By TYLER ELLYSON
KEARNEY – Marisa Macy was just a few weeks into her new job at the University of Nebraska at Kearney when her office telephone rang.
The man on the other end of the line – a high school science teacher and father from St. Paul – needed her help.
His daughter and several other children in the small, central Nebraska community were supposed to start preschool that fall. However, there weren’t enough spots available in the town of roughly 2,400 residents, so a group of community members decided to create a new classroom in the basement of a local church.
They encountered another issue when they couldn’t find an early childhood educator to staff the program.
“I was stunned that he was so desperate that he was just calling people randomly off the website,” said Macy, who connected him with resources and shared the opening with UNK students and graduates.
Eventually, the St. Paul group was able to hire someone to run the new preschool program there, but families in many other communities aren’t as fortunate.
“We have a critical shortage of early childhood educators in America and Nebraska, especially in rural areas,” Macy noted. “We desperately need more of these professionals.”
Ninety-one percent of Nebraska counties with child care facilities do not have enough spots available to meet the demand, and families in 11 counties don’t have access to any licensed child care programs, according to We Care for Kids, a partnership of state and community-based organizations that’s coordinated by the Buffett Early Childhood Institute at the University of Nebraska.
That’s a problem for several reasons. Quality early childhood education prepares children for success in school and life, creating a solid foundation for the future. It’s also crucial for the state’s prosperity, since a vast majority of children under age 6 live in homes where all the adults work.
Macy refers to early childhood educators as the “workforce behind the workforce.”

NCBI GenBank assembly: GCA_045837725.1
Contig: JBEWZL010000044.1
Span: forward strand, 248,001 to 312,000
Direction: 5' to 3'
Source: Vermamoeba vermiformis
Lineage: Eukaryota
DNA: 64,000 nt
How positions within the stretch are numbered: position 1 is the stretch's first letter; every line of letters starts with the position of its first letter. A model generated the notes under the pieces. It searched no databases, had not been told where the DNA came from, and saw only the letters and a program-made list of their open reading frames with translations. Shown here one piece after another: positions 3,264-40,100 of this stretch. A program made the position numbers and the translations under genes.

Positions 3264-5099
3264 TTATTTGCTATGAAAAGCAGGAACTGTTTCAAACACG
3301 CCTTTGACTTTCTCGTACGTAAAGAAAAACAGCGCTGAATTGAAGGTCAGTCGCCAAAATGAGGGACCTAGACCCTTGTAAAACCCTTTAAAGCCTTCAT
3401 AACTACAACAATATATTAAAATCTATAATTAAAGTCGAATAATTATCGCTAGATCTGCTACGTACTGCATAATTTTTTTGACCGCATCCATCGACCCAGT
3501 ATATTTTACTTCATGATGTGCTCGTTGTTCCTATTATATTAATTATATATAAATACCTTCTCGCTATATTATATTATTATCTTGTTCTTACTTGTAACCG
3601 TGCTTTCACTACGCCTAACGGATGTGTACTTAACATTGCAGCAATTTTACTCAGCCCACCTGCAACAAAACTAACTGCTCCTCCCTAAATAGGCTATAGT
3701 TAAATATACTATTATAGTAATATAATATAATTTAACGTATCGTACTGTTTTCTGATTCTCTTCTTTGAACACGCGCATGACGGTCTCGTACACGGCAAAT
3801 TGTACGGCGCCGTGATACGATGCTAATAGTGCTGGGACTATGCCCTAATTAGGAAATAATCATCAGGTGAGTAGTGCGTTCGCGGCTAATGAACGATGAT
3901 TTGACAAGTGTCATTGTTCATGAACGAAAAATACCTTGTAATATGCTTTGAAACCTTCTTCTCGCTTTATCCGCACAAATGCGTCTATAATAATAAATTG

“We need early childhood educators so people can go to work,” she said. “People who have young children – birth to school age – need resources that allow them to enter the workforce or stay in the workforce. And early childhood educators fill that role. They’re essential for a community because they help families in so many ways.”
Without access to quality, affordable child care and early education, it’s difficult for Nebraska to attract new businesses to communities and for established businesses to hire new employees and grow. A recent survey from Nebraska Extension and We Care for Kids shows that almost a third of parents with children ages 5 and younger left the workforce because they couldn’t find affordable child care, and 74% of respondents believe a lack of quality, affordable child care and early learning is a serious problem in Nebraska.
More than 80% of those surveyed agree that Nebraskans must work together to solve this problem.
That’s where Macy and the UNK College of Education come into play.
A UNK faculty member since fall 2021, Macy is an associate professor in the Department of Teacher Education, where she teaches a variety of undergraduate and graduate courses to current and future early childhood educators.
The university graduated more than 20 educators with early childhood endorsements during the spring 2023 semester alone, with those professionals now supporting children and families across Nebraska.
Outside the classroom, Macy serves as UNK’s Cille and Ron Williams Endowed Chair of Early Childhood Education and the UNK Buffett Early Childhood Institute Community Chair. As an endowed chair, her work focuses on outreach and developing pathways to support early childhood educators, children and families. She creates connections between UNK, the Buffett Institute and other NU campuses, then extends those connections to communities across the state.